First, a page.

Archive for November 27th, 2013


by Brandie Ashe

In 1939, John Ford made what was arguably the most important film of his career: Stagecoach. Now, that is not to say that Stagecoach is necessarily his “best” film; that, of course, is a matter of opinion (and majority opinion over the years has tended to hand that title to Ford’s searing 1956 Western The Searchers, or the 1940 drama The Grapes of Wrath, or the three films in his so-called “Cavalry Trilogy,” or any number of the other films on his expansive resume). But what makes this movie–Ford’s first Western in more than a decade, and his first with sound–such a remarkable standout in the director’s impressive filmography is how, at the time, it added a refreshing new depth to the increasingly stale concept of the Western. With Stagecoach, Ford expands upon and enhances general Western tropes to craft an intriguing character study that transcends the prototypical cowboy yarn. The end result is one of the landmark movies of the genre, a classic so intricately and thoughtfully composed that it would influence an entire generation of filmmakers, including, by his own account, a young Orson Welles.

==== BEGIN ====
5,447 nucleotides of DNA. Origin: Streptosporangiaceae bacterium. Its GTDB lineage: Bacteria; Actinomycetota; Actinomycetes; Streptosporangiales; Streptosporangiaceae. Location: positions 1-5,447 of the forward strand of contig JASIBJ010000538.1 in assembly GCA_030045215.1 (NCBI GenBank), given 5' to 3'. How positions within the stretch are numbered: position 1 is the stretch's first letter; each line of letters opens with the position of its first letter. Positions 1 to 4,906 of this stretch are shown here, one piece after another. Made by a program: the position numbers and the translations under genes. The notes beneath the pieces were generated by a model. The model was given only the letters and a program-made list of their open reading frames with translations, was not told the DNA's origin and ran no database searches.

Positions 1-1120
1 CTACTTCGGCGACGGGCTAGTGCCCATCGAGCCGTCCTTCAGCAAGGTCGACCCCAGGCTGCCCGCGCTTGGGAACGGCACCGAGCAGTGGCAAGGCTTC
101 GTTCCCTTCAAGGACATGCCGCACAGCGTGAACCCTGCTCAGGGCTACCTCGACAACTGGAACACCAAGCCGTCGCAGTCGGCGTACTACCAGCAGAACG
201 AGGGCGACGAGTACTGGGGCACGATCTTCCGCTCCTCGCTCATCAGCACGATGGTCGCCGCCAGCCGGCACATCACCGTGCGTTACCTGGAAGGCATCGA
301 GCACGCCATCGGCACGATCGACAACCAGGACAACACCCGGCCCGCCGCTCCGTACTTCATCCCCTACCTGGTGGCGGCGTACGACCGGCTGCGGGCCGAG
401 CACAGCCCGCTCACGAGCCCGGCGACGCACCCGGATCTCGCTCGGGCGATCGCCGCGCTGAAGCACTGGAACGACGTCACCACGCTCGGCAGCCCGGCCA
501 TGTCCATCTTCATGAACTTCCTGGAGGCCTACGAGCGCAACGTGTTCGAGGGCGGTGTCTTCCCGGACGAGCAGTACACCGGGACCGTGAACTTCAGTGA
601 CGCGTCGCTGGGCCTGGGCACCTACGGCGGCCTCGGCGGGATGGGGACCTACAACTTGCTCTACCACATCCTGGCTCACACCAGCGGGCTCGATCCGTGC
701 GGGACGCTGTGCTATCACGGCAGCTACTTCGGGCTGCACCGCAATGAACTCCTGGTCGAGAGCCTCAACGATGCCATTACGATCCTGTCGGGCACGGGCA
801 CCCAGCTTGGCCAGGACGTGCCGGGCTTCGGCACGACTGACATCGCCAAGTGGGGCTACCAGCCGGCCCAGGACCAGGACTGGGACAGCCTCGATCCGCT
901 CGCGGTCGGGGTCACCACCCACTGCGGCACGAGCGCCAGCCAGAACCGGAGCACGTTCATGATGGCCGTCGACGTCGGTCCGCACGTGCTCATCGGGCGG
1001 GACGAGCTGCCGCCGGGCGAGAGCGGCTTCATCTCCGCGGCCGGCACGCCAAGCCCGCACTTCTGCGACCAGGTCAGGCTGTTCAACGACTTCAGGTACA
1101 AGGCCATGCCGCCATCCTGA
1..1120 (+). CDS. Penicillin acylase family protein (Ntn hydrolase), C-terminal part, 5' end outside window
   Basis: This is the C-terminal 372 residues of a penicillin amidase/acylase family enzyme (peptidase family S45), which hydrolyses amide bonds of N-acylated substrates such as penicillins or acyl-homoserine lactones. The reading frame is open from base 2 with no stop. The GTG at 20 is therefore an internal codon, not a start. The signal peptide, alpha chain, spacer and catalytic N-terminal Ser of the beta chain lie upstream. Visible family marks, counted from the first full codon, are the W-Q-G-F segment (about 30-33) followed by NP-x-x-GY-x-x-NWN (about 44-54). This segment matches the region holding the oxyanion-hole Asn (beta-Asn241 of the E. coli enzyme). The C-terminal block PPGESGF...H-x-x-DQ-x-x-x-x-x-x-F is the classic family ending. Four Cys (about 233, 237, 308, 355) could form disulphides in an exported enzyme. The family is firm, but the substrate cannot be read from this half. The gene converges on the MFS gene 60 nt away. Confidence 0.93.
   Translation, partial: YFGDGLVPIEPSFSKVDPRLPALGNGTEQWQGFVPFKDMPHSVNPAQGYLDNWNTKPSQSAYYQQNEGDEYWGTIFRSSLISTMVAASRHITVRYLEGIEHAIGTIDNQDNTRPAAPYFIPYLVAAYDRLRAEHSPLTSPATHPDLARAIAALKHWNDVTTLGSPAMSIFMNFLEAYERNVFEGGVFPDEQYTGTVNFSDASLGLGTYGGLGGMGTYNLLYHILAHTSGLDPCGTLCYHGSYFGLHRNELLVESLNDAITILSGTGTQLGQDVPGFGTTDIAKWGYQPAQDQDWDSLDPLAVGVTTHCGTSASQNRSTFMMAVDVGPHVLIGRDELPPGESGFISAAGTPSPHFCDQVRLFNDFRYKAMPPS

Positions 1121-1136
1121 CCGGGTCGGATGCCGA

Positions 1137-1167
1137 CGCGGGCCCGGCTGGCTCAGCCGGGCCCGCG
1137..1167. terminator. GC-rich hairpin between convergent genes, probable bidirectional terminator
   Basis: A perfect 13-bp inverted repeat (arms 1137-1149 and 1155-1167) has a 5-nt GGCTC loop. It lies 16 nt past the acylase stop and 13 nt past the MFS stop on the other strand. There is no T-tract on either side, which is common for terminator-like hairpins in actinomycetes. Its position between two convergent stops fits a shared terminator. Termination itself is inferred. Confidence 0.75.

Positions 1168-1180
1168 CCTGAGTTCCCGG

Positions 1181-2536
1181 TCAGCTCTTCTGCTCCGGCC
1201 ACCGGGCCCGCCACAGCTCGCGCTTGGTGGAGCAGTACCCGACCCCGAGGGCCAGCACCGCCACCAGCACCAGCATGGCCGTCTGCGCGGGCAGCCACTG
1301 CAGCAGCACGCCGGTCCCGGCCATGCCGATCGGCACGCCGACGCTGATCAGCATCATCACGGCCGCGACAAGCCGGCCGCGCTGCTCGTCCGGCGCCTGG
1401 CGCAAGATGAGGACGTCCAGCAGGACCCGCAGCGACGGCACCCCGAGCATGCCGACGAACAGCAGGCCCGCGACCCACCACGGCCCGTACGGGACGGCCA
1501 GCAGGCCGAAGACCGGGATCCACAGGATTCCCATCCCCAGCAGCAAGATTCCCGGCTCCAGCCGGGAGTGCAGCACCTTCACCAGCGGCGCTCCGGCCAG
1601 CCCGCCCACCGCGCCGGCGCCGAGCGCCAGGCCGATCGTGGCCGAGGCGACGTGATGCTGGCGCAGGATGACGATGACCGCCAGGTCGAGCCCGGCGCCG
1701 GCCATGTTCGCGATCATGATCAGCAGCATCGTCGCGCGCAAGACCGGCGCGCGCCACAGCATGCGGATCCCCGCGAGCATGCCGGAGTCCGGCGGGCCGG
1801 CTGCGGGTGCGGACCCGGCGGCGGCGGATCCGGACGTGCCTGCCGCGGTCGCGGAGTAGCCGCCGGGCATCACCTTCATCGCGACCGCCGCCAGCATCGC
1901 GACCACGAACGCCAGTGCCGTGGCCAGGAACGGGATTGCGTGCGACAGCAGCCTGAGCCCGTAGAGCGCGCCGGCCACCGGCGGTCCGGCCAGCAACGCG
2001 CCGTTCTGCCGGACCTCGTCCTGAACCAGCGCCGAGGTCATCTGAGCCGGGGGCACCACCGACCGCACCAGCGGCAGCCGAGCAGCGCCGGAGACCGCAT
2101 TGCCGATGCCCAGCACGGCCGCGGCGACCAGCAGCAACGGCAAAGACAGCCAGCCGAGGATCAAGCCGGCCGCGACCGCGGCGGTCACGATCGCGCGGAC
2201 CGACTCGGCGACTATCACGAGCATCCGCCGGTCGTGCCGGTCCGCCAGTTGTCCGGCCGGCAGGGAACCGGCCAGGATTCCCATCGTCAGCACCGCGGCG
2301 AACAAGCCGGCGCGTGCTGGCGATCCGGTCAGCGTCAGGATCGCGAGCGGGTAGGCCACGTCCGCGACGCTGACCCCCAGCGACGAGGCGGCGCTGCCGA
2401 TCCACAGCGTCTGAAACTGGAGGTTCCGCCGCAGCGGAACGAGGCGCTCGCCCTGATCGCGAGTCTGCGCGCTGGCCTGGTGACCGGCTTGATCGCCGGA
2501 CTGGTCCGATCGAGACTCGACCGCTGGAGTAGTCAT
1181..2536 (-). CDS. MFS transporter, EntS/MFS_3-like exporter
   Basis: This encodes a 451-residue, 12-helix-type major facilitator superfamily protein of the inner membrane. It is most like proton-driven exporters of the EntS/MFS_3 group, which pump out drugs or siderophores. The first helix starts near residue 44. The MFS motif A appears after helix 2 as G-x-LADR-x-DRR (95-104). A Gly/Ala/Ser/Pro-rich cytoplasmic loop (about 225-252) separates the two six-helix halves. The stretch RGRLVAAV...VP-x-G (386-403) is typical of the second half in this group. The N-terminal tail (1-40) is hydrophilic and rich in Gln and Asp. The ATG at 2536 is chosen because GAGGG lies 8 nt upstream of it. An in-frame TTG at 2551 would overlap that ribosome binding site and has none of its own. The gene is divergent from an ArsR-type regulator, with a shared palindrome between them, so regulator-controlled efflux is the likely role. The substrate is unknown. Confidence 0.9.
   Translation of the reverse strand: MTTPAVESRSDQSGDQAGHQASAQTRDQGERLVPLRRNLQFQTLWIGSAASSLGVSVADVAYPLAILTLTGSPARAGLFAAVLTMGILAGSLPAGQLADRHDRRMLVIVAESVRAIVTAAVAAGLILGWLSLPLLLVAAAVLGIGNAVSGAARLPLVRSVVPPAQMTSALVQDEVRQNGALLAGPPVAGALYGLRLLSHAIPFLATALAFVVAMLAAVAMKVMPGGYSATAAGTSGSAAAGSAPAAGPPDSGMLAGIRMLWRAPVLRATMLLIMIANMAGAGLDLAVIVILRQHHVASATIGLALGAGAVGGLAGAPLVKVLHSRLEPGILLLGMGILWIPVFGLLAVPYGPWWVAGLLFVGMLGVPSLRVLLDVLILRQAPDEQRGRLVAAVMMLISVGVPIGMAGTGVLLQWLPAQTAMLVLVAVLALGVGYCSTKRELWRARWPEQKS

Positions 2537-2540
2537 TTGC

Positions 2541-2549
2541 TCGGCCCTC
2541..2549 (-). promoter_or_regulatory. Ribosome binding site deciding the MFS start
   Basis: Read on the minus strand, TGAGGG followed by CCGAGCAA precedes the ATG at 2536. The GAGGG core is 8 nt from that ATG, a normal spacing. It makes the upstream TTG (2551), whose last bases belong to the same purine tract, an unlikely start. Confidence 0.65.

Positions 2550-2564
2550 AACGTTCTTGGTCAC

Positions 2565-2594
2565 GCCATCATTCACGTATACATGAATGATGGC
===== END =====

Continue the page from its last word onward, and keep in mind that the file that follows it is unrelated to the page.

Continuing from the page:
It also helps that Stagecoach happens to be one hell of an entertaining movie.


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